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Sue Townsend

Monthly Roundup – December 2018

Another year is over and I’m happy to report that I managed to complete my Goodreads reading challenge! I’d set myself a target of 60 books but read 75, so I’m quite pleased with that!

I’ve read a range of different books this month and have taken part in a few blog tours. One of the blog tours was for We All Fall Down by Cynthia Clarke where I was pleased to be able to share an extract, and what an extract it was! I was also one of the blogs to feature on the tour for the latest book by J. S. Monroe, Forget My Name. I also shared an extract from Picking Up The Pieces by Jo Worgan as part of the huge Urbane Extravaganza, organised by Love Books Group Tours.

Books I’ve Read

61dkqcjG65LThe Mile End Murder by Sinclair McKay

In 1860, a 70-year-old widow was bludgeoned to death at her London home. Although someone was convicted of the murder, it was widely accepted that a miscarriage of justice had taken place. Sinclair McKay examines the evidence and suggests an alternative theory as to what actually happened.

41yMiciSptL._SX323_BO1,204,203,200_Adrian Mole the Wilderness Years by Sue Townsend

I revisited this thanks to Radio Four’s Book at Bedtime and still found it funny the second time round. The eponymous diarist is now in his twenties and is still struggling with his family, work and love life. Not the best in the series, but still worth a read.

51xSXTTs1CLShe Was the Quiet One by Michele Campbell

A twisted tale of power and revenge, She Was the Quiet One tells the story of the murder of one of two sisters who have just enrolled at an exclusive boarding school. Who has been killed and who is the killer? I really enjoyed this book – a full review will be posted as part of the blog tour.

51ZvNY7p0KL._SY346_The Killing Habit by Mark Billingham

The fifteenth book in the Tom Thorne series sees the detective investigating a spate of cat killings in the London area. He soon deduces that cats are not the only living thing being killed but can he prevent even more deaths?

51bxBROykeLMove to Murder by Antony M Brown

A retelling of the murder of Julia Wallace which took place in Liverpool in 1931. The author puts forward five different theories that could potentially find the answer to the unsolved case. A well-written and researched book wit some very plausible theories.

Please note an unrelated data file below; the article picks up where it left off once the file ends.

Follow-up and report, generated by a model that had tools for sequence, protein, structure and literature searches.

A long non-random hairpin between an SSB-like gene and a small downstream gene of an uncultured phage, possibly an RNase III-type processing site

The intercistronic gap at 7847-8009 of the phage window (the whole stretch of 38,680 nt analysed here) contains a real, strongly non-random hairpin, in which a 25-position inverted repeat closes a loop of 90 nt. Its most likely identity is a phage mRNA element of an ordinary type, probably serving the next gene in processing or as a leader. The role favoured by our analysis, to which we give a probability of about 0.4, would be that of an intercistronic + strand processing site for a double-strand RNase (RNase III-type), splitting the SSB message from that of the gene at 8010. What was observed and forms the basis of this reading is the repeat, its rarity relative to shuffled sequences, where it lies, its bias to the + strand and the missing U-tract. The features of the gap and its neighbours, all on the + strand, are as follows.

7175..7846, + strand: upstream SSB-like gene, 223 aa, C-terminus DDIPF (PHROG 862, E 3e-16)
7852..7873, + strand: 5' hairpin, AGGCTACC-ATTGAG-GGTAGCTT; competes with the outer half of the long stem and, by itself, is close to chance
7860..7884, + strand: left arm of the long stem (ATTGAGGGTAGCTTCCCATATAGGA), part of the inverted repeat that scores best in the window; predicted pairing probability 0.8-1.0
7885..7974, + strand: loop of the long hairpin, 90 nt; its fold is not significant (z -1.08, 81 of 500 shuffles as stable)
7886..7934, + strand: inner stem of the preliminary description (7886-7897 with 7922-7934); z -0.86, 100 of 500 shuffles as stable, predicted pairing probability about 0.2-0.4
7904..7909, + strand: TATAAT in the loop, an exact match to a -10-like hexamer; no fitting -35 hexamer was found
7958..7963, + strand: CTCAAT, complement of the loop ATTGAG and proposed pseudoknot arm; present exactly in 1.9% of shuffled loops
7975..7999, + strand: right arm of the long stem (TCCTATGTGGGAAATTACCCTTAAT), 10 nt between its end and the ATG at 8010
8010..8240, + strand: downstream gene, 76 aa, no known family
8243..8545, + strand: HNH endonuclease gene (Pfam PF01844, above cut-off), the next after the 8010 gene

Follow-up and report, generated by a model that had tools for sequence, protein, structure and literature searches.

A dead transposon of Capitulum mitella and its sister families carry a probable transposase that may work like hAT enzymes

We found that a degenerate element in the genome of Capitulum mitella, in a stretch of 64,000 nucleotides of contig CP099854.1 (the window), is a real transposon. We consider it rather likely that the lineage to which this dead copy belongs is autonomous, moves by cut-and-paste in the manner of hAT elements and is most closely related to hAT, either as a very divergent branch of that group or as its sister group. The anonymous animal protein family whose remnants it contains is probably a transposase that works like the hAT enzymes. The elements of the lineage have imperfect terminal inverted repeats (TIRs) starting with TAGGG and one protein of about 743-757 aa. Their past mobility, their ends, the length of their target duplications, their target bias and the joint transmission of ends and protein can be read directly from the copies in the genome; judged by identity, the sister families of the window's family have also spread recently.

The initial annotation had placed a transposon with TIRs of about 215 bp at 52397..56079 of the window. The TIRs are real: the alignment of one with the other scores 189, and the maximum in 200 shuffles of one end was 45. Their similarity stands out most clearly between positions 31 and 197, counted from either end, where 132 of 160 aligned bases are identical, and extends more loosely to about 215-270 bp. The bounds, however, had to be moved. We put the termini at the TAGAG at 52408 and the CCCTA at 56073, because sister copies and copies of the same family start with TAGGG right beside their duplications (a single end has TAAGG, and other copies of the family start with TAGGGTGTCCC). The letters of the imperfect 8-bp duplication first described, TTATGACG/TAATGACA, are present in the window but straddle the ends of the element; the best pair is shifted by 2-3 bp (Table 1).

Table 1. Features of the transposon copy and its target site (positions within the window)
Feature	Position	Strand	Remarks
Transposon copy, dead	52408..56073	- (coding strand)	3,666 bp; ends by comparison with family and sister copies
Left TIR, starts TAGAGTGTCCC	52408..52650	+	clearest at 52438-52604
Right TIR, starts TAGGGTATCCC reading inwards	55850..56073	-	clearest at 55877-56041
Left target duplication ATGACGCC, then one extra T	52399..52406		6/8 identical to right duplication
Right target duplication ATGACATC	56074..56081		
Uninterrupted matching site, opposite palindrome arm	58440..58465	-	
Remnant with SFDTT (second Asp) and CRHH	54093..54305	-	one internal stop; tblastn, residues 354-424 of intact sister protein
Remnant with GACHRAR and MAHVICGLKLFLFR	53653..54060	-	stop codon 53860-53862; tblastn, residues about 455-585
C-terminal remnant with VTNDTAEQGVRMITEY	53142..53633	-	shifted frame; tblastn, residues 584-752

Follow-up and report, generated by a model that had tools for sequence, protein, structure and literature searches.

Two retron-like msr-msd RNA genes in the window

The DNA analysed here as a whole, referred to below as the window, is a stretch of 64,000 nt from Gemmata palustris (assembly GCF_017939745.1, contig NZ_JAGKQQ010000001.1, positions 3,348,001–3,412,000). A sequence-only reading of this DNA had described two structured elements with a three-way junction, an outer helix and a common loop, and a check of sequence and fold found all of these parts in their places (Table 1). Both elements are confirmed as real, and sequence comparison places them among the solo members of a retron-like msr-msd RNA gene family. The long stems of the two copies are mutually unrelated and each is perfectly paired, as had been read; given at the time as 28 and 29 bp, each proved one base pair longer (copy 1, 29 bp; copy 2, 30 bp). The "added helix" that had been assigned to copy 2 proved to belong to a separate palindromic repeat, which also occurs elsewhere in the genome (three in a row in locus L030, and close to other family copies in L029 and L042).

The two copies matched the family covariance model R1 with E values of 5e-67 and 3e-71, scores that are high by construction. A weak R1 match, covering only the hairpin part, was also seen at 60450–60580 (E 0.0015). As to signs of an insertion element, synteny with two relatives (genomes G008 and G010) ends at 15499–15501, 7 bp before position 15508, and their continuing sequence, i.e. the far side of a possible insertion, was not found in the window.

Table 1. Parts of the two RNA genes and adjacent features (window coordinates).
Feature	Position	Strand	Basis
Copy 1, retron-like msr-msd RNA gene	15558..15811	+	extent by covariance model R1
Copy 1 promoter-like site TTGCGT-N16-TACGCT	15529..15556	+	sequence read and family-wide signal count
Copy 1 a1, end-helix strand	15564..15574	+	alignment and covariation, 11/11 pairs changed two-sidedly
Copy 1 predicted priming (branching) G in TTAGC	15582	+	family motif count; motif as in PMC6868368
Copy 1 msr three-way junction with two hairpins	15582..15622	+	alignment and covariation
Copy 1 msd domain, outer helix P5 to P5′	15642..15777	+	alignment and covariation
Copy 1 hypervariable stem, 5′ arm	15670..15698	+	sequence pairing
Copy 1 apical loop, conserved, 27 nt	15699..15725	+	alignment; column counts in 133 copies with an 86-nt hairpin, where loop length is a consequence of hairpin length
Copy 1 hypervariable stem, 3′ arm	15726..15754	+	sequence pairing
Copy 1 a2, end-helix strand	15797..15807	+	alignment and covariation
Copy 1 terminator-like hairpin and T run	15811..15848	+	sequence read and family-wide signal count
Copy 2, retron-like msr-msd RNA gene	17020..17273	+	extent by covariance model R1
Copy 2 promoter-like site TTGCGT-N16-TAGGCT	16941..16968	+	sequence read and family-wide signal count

518TmU9zu2LThe Slum Reaper by David Field

The fourth in David Field’s Jack & Esther Enright series sees them investigating what initially seems to be the accidental deaths of several people. As connections are made to a local slum clearance, however, they soon realise that the deaths are no accident – there is a killer on the loose in Victorian London.

The Murder of Patience Brooke by J C Briggs

After the murder of a woman on the steps of a home for ‘fallen women’, Charles Dickens and the London police force find themselves embroiled in a case which will see them exploring the darkest parts of the capital. A great, atmospheric first book in the series and I’m looking forward to reading the rest.

 

The Asylum by Nathan Dylan Goodwin

This short story is the prequel to the Morton Farrier series and tells us how the forensic genealogist came to meet Juliette,who he would go on to marry. Morton investigates the suspicious death of a woman who spent some time in an asylum in a case that proves to be both emotive and challenging.

 

Books I Have Acquired

Jenna thought she had the perfect life: a loving fiancé, a great job, a beautiful home. Then she finds her stepdaughter murdered; her partner missing.

And the police think she did it…

Locked up to await trial, surrounded by prisoners who’d hurt her if they knew what she’s accused of, certain someone close to her has framed her, Jenna knows what she needs to do:

Clear her name
Save her baby
Find the killer

But can she do it in time?

 

She vanished into the ice cold night. Is this their only chance to get her back? Get ready for this winter’s most chilling thriller…

It’s been eleven years since Claire Flynn disappeared – abducted without trace from a snowy hillside, leaving her parents heartbroken.

Investigator Darby McCormick remembers the case. She knows there’s only ever been one suspect, Father Richard Byrne, linked inconclusively to two similar disappearances.

Finally, terminally ill, Byrne is willing to talk. But he’ll only talk to Darby.

She’s expecting a confession – but what she hears is far more disturbing.

And it soon becomes clear that someone is willing to kill to keep this cold case on ice…

 

Wishing you all a happy new year!

 

Adrian Mole: The Wilderness Years by Sue Townsend